- The Washington Times - Thursday, April 26, 2012

D.C. Council member Marion Barry struck an unyielding tone in defending himself Thursday against criticism over his contentious remarks about Asian-owned shops and the number of Filipino nurses in the District — comments that prompted one man to say he had rooted for the mayor-for-life for years, only to have his heart broken.

Witnesses at a hearing before the Committee on Aging and Community Affairs openly confronted Mr. Barry, Ward 8 Democrat and committee chairman, about the remarks in which Mr. Barry talked about Filipino nurses. He said the city should “grow our own nurses” rather than “scrounging in our community clinics and other kinds of places, having to hire people from somewhere else.”

The comments might have passed unnoticed, but they came weeks after another controversy over remarks he made mere moments after a landslide victory in the Democratic primary election on April 3. Mr. Barry said “dirty shops” run by Asians in Ward 8 “ought to go” and be replaced by stores with black owners.

Rosetta Lai, executive director of the Asian American LEAD, decried Mr. Barry’s “disenfranchising and race-baiting statements” on Thursday, while the District’s nonvoting member of Congress said Mr. Barry should “target issues, not race.” The Philippines‘ ambassador to the United States called the comment about nurses “deplorable.”

Council Chairman Kwame R. Brown, a Democrat, sent Mr. Barry a letter on Wednesday to address the issue.

“It is critical that we choose words carefully in talking about our hardworking civil servants and District residents,” Mr. Brown said in the letter, which does not amount to a formal reprimand. “Unfortunately, such comments, taken out of context or not, are divisive and reflect poorly on your distinguished record, as well as that of the Council as an institution.”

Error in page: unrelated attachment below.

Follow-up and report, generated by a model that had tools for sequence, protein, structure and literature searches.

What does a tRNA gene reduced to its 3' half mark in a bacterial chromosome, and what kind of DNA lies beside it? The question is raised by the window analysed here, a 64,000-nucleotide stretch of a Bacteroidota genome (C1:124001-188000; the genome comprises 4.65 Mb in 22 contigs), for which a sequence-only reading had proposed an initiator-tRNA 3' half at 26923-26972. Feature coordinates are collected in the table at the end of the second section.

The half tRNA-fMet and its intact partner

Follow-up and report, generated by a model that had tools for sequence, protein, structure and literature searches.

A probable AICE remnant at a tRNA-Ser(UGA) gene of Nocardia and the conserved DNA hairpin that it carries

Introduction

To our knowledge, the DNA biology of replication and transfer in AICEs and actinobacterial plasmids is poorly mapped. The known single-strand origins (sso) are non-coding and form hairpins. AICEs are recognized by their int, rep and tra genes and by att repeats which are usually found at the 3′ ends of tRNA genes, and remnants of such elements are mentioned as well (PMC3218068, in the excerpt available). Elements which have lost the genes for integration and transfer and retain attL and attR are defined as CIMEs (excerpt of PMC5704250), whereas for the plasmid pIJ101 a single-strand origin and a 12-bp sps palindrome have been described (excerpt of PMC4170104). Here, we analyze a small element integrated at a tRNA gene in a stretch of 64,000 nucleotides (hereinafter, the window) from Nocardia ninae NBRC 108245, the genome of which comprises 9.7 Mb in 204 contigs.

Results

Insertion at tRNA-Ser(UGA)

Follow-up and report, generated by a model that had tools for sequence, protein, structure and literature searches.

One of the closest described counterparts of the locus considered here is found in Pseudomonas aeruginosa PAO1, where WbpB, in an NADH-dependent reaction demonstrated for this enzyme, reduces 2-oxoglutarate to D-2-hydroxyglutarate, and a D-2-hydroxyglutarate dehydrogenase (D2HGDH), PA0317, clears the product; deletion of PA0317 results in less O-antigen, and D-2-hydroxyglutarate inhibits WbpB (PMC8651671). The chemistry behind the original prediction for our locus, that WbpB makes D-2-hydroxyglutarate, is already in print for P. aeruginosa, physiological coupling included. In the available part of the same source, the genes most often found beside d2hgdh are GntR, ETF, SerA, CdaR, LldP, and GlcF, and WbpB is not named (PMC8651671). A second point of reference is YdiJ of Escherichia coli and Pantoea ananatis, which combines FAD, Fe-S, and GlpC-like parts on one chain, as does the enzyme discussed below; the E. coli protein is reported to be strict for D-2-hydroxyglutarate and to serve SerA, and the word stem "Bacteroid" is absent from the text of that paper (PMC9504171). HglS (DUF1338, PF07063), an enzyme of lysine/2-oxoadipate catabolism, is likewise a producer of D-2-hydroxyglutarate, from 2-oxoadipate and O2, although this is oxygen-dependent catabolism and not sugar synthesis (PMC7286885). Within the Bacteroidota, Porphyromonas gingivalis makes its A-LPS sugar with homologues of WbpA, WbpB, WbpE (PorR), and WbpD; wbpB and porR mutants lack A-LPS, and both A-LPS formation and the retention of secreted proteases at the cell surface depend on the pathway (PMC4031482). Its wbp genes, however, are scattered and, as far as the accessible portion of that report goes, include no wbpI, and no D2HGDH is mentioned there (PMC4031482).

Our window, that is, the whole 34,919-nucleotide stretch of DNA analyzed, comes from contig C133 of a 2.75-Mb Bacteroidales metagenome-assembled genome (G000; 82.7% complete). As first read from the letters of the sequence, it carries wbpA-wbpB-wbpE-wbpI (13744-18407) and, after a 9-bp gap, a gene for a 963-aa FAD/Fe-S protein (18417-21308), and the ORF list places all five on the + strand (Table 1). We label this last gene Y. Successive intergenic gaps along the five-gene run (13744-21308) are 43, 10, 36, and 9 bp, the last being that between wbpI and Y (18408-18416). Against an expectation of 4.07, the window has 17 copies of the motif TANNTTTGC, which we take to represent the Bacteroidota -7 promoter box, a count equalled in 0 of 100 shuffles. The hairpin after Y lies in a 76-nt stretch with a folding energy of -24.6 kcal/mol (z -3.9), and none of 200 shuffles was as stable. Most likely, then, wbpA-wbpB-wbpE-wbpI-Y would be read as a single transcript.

Mr. Barry, whose committee includes oversight of the Office on Asian and Pacific Islander Affairs, said he has been misunderstood in his attempts to bring business owners and jobs to his predominately black ward east of the Anacostia River. From the dais, he repeatedly chided a “divisive” media for fanning the flames of controversy.

“My fight is for jobs, jobs, jobs,” he said, noting that his constituents suffer from one of the highest unemployment rates in the country. “I represent a ward that needs someone to fight for jobs. We welcome each and every kind of business into Ward 8, regardless of your ethnic grouping.”

One witness evoked the detention of Japanese-Americans in the 1940s and the Los Angeles riots of the early 1990s, which hit hard the Koreatown section of the city.

Mr. Barry’s comments “add a new chapter to this long and painful history of bigotry against Asian Americans,” D.C.-based choreographer Dana Tai Soon Burgess said.

Mr. Barry leaned on his record as a civil rights leader and a four-term D.C. mayor. He said his comments were taken out of context and that his critics did not consider his desire — above all else — to find jobs for the city’s poorest residents.

“Do you know of my great works?” Mr. Barry asked Mr. Burgess at one point.

But witnesses like David Chung, chairman of the Commission on Asian and Pacific Islander Affairs, said Mr. Barry’s prior efforts made his comments all the more befuddling.

“My father is actually one of those dirty store owners you were referring to,” Mr. Chung said, explaining how his father turned around a store on Minnesota Avenue and he, personally, had been a “fan” of Mr. Barry‘s. “When you made those statements, you broke my heart.”

Yet Mr. Barry did not offer an apology or directly address the comments he made on Monday at a budget hearing for the University of the District of Columbia.

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